Thursday, December 22, 2005

Screaming Eagles Stand At Bastogne

John at Argghhh!!! has been remembering the Battle of the Bulge by exerpting from the well-written Official History of The Battle of the Bulge, by Hugh Cole.

Today is the anniversary of one of the most famous events of the battle, the encirclement and survival of the 101st Airborne Division and its attached units at Bastogne. (See maps here and here.)

Bastogne was key. A major road junction, as long as it was in American hands it would cripple the German advance, and if the Nazis took it their advance could have very well rolled all the way to Antwerp.

The Germans needed it, and the Americans had to hold it. Rushed to Bastogne on December 18th, 1944, they were encircled on December 20th. On December 22nd,
What may have been the biggest morale booster came with a reverse twist-the enemy "ultimatum." About noon four Germans under a white flag entered the lines of the 2d Battalion, 327th. The terms of the announcement they carried were simple: "the honorable surrender of the encircled town," this to be accomplished in two hours on threat of "annihilation" by the massed fires of the German artillery. The rest of the story has become legend: how General McAuliffe disdainfully answered "Nuts!"; and how Colonel Harper, commander of the 327th, hard pressed to translate the idiom, compromised on "Go to Hell!" The ultimatum had been signed rather ambiguously by "The German Commander," and none of the German generals then in the Bastogne sector seem to have been anxious to claim authorship.14 Lt. Col. Paul A Danahy, G-2 of the 101st, saw to it that the story was circulated-and appropriately embellished-in the daily periodic report: "The Commanding General's answer was, with a sarcastic air of humorous tolerance, emphatically negative."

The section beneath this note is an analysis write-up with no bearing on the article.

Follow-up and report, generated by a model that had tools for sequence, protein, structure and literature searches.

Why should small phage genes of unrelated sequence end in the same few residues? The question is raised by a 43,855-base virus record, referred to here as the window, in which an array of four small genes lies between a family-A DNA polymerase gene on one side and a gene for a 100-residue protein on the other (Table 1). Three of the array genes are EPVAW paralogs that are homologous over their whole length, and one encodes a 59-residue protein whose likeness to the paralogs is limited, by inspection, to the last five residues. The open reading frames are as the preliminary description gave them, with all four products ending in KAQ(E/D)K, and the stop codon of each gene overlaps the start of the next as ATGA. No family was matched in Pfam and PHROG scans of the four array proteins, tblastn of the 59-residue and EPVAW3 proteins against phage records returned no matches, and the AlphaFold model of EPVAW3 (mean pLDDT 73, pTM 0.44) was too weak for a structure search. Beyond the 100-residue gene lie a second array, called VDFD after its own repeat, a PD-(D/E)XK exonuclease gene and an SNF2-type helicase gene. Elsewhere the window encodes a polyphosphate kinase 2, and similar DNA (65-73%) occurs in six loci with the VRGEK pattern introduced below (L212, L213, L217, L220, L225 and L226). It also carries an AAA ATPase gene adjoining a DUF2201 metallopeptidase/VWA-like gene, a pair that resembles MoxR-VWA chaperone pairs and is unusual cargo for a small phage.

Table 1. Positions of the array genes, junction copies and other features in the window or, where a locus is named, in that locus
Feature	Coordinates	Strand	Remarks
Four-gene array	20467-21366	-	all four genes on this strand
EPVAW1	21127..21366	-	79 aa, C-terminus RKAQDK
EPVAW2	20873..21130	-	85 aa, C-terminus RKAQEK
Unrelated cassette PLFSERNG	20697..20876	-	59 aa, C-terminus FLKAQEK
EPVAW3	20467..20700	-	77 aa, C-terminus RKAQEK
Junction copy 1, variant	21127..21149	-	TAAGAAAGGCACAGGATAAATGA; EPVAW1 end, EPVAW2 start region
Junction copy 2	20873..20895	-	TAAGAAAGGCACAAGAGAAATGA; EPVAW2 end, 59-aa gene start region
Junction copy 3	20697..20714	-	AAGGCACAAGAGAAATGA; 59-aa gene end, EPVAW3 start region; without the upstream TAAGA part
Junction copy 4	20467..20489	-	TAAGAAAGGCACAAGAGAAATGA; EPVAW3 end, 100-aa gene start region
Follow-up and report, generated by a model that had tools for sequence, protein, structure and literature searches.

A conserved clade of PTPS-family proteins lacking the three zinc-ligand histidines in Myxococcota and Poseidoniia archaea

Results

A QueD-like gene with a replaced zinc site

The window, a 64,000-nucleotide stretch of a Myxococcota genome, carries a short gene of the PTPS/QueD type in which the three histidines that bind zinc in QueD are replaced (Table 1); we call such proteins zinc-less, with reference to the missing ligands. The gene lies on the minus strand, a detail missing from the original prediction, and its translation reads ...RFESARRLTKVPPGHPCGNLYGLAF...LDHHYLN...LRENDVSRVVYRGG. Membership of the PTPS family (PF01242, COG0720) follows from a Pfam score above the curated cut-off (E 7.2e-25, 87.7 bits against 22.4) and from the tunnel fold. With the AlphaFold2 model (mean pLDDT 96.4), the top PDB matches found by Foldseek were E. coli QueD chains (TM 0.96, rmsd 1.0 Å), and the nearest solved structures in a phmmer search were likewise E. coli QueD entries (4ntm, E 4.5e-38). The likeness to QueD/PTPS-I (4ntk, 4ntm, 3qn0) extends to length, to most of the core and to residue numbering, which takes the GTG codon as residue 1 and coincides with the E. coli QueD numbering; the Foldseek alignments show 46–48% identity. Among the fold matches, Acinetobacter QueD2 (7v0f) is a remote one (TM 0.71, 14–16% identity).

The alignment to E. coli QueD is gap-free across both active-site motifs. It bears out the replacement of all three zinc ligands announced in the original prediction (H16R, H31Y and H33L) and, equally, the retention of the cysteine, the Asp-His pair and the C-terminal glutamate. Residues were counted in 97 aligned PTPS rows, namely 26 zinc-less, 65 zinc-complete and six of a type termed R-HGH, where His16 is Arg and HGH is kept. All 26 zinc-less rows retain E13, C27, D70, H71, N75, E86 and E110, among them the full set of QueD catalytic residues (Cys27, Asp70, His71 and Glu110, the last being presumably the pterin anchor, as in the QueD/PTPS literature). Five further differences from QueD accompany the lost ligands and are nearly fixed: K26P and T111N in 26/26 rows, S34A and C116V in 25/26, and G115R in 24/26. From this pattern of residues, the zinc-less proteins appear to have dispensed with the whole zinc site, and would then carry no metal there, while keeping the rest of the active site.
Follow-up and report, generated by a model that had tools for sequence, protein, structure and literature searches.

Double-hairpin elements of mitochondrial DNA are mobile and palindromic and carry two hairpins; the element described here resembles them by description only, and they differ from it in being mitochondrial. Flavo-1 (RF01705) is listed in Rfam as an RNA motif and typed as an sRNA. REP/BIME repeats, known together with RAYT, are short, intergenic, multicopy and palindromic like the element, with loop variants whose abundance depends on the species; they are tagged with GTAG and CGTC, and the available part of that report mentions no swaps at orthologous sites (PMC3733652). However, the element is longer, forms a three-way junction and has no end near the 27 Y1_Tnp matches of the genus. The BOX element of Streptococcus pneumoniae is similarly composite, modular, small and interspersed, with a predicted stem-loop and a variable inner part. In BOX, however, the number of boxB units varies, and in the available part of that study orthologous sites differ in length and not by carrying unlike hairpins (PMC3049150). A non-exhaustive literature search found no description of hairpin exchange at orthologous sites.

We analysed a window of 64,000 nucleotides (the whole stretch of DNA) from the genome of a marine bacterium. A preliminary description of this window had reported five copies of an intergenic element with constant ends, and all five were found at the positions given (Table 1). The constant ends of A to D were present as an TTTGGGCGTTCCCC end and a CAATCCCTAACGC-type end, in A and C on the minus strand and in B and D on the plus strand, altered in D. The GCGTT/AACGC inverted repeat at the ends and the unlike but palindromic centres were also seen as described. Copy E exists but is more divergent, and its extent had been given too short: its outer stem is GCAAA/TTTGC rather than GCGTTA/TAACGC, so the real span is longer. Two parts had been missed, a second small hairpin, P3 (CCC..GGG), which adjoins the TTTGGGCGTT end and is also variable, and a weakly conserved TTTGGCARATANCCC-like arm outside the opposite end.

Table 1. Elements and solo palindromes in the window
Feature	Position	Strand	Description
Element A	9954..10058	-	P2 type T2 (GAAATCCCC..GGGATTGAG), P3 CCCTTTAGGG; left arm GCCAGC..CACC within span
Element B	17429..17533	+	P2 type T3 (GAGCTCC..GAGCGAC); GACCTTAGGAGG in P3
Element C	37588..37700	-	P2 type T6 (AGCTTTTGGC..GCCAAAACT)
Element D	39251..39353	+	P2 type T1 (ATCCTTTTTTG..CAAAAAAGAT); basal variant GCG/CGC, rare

Completely encircled, cut off from all reinforcements, and limited to what few supplies could be parachuted in, the American troops held on for a week, finally being reached by units of Patton's Third Army on the afternoon of December 26th.

They would remain on the front lines of the battle until late February, 1945. For their stand at Bastogne, the entire division was awarded the Presidential Unit Citation.

More can be found at this website and also here.

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